[All photos by Conor Rose]
When I was invited to try omakase at Gaijin, a fairly under-the-radar spot off of Astoria’s Steinway Street, I was getting myself into an eating situation I knew practically nothing about besides it being Japanese and typically expensive. A quick Google search led me to the word’s Wikipedia page, stating that “omakase” is a Japanese phrase meaning “I’ll leave it up to you” – “you” being the chef, and here, being Chef Mark. Technically an outsider to the sushi world (Gaijin translating to “outsider” in Japanese, along with co-owner Jay Zheng) the pair have crafted a sleek, elegant eatery combining traditional omakase traditions with their own creative innovations. What followed was a meal more accurately described as a performance engaging all the senses.
To kickstart the meal, we enjoyed a glass of white wine crafted specially to be paired with sushi, plus an IPA chosen from a list of Japanese craft beers. For starters, we were served a teapot filled with broth, mushrooms, and chicken, with an accompanying small plate and sipping cup. We were meant to finish off the preparation on our own, squeezing a wedge of lime into the teapot, leaving it to meld with the soup for 30 seconds, then pour into our drinking cup, taking sips at a time of the tangy, woodsy broth. We also enjoyed a small bowl of fish (the type escapes me!) that practically melted in our months, it was so delicate.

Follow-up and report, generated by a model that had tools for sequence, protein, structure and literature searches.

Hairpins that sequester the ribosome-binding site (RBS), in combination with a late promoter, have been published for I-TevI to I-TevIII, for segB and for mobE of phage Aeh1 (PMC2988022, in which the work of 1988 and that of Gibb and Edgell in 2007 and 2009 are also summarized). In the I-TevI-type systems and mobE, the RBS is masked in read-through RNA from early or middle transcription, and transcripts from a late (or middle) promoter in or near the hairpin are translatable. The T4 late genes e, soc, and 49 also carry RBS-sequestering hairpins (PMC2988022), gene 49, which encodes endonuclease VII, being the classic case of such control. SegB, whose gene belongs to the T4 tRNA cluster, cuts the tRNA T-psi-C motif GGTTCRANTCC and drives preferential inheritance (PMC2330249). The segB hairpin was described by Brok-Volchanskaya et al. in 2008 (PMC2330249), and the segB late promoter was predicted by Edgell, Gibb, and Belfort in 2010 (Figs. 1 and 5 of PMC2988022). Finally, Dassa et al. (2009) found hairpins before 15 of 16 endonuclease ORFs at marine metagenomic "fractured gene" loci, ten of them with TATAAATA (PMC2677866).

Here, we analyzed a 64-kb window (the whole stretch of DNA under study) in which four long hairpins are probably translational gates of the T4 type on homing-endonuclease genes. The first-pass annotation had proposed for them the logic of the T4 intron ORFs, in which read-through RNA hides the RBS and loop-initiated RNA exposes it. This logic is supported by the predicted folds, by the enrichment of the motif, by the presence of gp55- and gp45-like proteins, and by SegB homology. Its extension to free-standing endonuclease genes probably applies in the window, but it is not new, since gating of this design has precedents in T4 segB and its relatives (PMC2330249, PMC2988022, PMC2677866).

Then, nigiri happened. With our front row counter view, each piece was crafted meticulously in front of us, then placed on a waning (or waxing, depending on what hand you use – once our server noticed my lefthandedness he hastily rearranged my place setting accordingly) moon shaped slab of black stone for us to pick up with our hands – well appreciated from this Filipino girl.
Nigiri appeared in waves, dressed with unique combinations of toppings, and clearly so fresh and high quality – the fish is flown in daily from Tokyo’s Tsukiji Market. There was Japanese baby snapper brushed with soy and topped with grated daikon, followed by amberjack dressed in shiso and plum sauce, then a gorgeous piece of golden red snapper.
Courses appeared in various forms – there was a butterfish tempura, a sliver of wagyu ribeye draped over rice, and even octopus and a dab of rice sprinkled with sea salt came tucked in a piece of seaweed and handed directly to us. Chef Mark was happy to explain the details of each piece, especially the fish I was unfamiliar with – I’m very basic when it comes to sushi, sticking to your typical salmon and tuna rolls, so diving headfirst was both a treat and a learning experience.
This meal was provided by Gaijin, a restaurant we truly love, however all opinions are our own.